Everybody likes winning money, especially if the way in which they do so is expedient and requires little to no effort.

That is why gambling is so alluring.

Many people outside of the racing world view betting on horse races as a “get rich quick” scheme. They see success at the betting window as something akin to a lazy person’s way out, almost as a way to financially cheat your way through life. In short, they view bettors as people who speedily gain a fortune with luck and little to no effort.

While these people are correct in that the financial return can be very quick (most Thoroughbred races are run in less than a minute and a half), if they think that there is no work involved in achieving handicapping success, they are very wrong indeed.

You can check everything related to KD handicapping here: https://www.twinspires.com/kentuckyderby/handicapping

While luck will always intervene in one way or another, predicting horse racing outcomes and striking the most lucrative bets is a skill that can be grown and developed over time. Here are some tips and tricks to help beginning bettors turn a profit.

Make Exotic Wagers

When most people think of betting horses at the racetrack, they think of simple win bets: they pick a horse, place a bet, and only cash a ticket if their single chosen horse is deemed the winner.

While there is nothing wrong with a straightforward bet on a horse to win, there are other types of bets that can increase both your likelihood of winning and your potential payout.

First of all, there are “place” and “show” bets. These are bets that can be paid out if your horse finishes in the top two or top three, respectively. If you bet on a horse to place or show and they win, you typically make a little bit less money than you would with a win bet, but your chances of making any return on your risk are much higher.

Exotic wagers are bets that either involve more than one horse in a race or more than one race on a card. They are somewhat more complex than the aforementioned types of bets, but they offer a lot more profit.

The “Pick” bets are fairly easy to understand. These types of bets require a person to choose the winner of three to seven (usually consecutive) races on a card.

For example, if you were betting on the Breeders’ Cup races, you might have liked Malathaat in the Distaff, Rebel’s Romance in the Turf, and Flightline in the Classic. A two-dollar win bet on each of those horses would have returned a total of $24.56, whereas betting all of them in a single fifty-cent Pick 3 would have netted you $52.39.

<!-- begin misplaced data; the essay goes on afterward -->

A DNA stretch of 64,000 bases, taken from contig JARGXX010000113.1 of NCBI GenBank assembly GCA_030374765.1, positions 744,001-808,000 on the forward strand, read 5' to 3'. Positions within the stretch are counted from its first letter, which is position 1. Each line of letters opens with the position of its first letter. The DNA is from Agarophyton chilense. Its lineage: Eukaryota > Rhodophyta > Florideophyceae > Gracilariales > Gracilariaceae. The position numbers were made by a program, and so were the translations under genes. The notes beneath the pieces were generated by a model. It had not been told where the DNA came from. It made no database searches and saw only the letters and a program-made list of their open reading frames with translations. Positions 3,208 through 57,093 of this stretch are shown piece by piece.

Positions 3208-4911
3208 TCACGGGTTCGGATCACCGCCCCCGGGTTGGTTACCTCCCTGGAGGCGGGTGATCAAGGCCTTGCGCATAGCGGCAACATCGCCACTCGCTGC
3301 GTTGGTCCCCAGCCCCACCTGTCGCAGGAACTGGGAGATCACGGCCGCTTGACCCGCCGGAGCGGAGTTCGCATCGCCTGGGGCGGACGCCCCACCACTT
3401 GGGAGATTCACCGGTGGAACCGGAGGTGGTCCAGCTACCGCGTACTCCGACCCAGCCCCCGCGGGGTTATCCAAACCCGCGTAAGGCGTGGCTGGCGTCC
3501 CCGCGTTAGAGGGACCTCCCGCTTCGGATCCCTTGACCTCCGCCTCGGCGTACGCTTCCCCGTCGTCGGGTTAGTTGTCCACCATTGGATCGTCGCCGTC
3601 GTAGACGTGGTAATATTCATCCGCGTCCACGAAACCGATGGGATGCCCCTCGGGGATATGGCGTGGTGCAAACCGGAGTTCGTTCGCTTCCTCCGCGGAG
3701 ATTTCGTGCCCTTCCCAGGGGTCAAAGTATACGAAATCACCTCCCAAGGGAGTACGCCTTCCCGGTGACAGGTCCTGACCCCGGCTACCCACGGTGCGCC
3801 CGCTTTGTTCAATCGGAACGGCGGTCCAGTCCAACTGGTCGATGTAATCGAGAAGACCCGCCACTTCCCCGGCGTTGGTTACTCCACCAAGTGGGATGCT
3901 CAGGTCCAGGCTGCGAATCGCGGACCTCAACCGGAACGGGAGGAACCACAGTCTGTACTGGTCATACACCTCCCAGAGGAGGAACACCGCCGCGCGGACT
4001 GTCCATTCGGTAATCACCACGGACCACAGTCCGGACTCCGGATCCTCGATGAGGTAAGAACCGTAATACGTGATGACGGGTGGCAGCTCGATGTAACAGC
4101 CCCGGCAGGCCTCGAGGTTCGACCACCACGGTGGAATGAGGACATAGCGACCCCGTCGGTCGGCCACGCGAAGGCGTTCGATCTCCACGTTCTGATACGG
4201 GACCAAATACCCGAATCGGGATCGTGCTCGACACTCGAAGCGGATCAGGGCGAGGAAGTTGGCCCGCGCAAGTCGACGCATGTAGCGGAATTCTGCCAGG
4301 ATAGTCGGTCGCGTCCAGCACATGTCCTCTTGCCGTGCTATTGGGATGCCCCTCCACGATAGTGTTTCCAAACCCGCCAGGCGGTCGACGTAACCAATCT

There are also exactas, trifectas, and superfectas. These bets involve the punter choosing the top two, three, or four finishers in a single race.

Let’s look back at the Breeders’ Cup Classic. Nearly everyone liked Flightline to win, but figuring out who was going to finish directly behind him was a matter of much debate. If you had bet an exacta that had Flightline winning and Olympiad finishing second, a single dollar would have returned $17.87. If you had gone a step forward and chosen Taiba to finish third, you would have parlayed fifty cents into $41.63. Those skilled enough to predict Rich Strike finishing fourth would have spent ten cents and walked away with $69.16.

Use A Betting Calculator

If you are confident in the horses you have selected, but not necessarily in the order they will finish in, you may want to “box” your bet. This would mean that as long as the horses you picked were the first two, three, or four across the line, the order in that they themselves finished would not matter. However, increasing the winning scenarios of these types of bets does increase the cost of the bet itself. Therefore, in order to keep your spending under control, you may wish to use a betting calculator. These are formulas or apps that can not only help you keep track of how costly your bet is but also help you determine potential payouts.

Use Past Performances

Of course, now that you know what kind of bets are available and how to place them, you still have to gather your information and figure out which horse your money will ride on.

Thankfully, there are many publications out there that can provide you with a lot of relevant information about the horses in a particular race. This information is typically referred to as Past Performances or PPs. Racegoers can find PPs in online databases such as brisnet.com or in hard copies of racing programs or the Daily Racing Form.

For many who are unfamiliar with racing parlance, these PPs can be a bit daunting at first, as much of the information is encoded in industry-specific abbreviations and acronyms. However, looking closely at the PPs can provide you with an in-depth look at a racehorse’s background and career.

You will find the horse’s basic information at the top: name, color, age, and sex. There is also information on the horse’s human connections: breeder, owner, and trainer. You will then see the lifetime race record, followed by a breakdown by year and also how much money the horse has earned.

However, the most valuable information is below that: a list of the horse’s career races and how well the horse performed in them. You will be able to see which tracks the horse has started at and under which weather conditions. You will be able to see which jockeys have coached the best performances out of them. You will be able to determine the horse’s running style- whether they like to stay in the lead throughout or come from behind at the end of the race.

With this information in hand, you will be well-equipped to make your first wagers and grow your betting skills.

Author: Lindsay Griffin